City needs plan for affordable housing, youth | Letter

Finally, someone with thoughts and a real plan in last week’s Mirror: Amy Johnson’s article about teen pregnancy and homelessness. I want to take it one step further: Too many of our teenagers, whether pregnant or not, are not prepared for the real world. Years ago, Federal Way schools had classes in home economics, sex/health and life skills (taxes, managing a budget, insurance, etc., things that many of us learned as a basic need). Then it was decided that parents were teaching their kids and so there was no need for it. Sadly, parents aren’t teaching their children these things. The fault goes to the parents and to the schools. Sigh, how to turn it around?

Then there are the mayoral candidates who are more concerned about how to make this city financially and safely grow but are missing a big part of the picture. We have three major problems in this city now, as far as I am concerned: homelessness, which only Mark Greene addressed, gangs, which did get addressed but missed a key point, and the number of affordable housing apartments we are allowing in the city. Please don’t get me wrong, everyone deserves and needs to have affordable housing. But there needs to be a plan in place for its impact on the community at large. Susan Honda rightfully said that Sound Transit should not be directing us but that we need to be directing it. In that same line of reasoning, we should not be putting out the fires that have come with all the affordable housing. We should have had a plan in place. Problems that come with all the apartments are: overcrowded schools, transient youth who need structure/security, children who are left on their own as parents are still at work, gangs and sadly drug/alcohol abuse (people living in homes also deal with it, but it is not as many people in the same amount of space, making availability and other related issues less noticeable). Why aren’t the mayoral candidates addressing these issues? Parents living in affordable housing are happy they can meet their rent and feed their families. There are no luxuries for them like day cares or children’s camps. Why weren’t contingencies put in place like communal day care where everyone helps out at some point or Boys & Girls Club, Big Brothers/Sisters, YMCA/YWCA at subsidized rates? Looking at the Federal Way Community Center is great, but it is not affordable either. So, what do these people do? Well, let’s see, kids are watching teenagers. Teenagers are watching adults. Adults are surviving in a vortex they can’t seem to get out of, and so it continues. There are a lot of great people out there trying their best to not get sucked into drugs, alcohol, gangs, to take the time to really guide their children, to provide for their families and give them more. Where is the support for them? Amy had lots of great ideas. Will anyone listen? Will any of the mayoral candidates keep all the business and growth aspects of running a city in mind while coming up with a real and effective plan for the future of the young people who live here? At this point, I can honestly say I would vote for none of our candidates because the heart of this city is our young people, and there is no real plan for their future. Take Amy Johnson’s first seven paragraphs to heart. Read the book “Crenshaw.” Make a plan for this city that is not all about looking pretty and safe but really is about supporting affordable family living, community and safety.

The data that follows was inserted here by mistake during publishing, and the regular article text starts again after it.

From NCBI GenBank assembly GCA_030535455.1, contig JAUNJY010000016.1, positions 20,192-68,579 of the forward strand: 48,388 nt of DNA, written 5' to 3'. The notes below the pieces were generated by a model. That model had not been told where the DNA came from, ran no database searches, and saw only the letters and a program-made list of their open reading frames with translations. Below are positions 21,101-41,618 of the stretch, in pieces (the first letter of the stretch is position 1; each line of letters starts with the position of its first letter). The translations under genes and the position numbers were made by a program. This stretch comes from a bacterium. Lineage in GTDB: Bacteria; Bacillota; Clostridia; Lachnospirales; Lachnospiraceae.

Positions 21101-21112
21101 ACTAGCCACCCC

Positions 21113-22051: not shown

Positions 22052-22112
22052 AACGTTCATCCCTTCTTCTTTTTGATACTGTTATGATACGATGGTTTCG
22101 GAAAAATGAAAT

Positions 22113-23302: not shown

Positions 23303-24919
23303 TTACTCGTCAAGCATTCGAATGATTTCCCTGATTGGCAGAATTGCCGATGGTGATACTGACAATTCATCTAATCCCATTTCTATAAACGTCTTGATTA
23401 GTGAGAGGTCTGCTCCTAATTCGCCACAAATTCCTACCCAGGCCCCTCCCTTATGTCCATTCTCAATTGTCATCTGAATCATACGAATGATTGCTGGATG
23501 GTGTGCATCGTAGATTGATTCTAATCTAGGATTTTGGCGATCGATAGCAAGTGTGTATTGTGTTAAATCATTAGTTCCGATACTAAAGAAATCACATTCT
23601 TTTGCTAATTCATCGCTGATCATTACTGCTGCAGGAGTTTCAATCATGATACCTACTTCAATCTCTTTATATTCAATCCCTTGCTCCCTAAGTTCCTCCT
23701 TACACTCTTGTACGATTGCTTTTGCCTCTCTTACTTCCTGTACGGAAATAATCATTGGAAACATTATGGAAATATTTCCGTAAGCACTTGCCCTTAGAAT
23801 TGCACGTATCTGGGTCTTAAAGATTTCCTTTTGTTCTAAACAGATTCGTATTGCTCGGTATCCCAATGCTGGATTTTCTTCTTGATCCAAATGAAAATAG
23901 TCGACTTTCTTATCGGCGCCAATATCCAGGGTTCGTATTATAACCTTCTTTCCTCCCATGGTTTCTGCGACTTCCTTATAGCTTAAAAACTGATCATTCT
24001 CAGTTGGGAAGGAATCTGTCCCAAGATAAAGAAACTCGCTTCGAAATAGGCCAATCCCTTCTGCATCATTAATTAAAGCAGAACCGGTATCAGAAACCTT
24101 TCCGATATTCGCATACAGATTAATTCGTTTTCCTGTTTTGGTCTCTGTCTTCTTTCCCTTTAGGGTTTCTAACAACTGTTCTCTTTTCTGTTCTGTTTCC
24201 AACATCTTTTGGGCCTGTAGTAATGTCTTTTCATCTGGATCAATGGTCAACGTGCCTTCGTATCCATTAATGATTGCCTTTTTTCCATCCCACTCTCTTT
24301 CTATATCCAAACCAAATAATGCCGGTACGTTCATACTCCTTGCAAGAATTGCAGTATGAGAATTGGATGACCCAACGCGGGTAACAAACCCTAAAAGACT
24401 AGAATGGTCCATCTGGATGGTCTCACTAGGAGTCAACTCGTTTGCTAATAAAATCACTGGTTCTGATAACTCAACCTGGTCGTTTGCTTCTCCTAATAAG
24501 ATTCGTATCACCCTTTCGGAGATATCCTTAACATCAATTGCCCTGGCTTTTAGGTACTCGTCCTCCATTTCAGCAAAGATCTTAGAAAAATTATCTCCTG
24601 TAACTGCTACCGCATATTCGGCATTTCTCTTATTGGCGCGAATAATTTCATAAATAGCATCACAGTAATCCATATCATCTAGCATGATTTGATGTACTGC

D. Fabre, Federal Way

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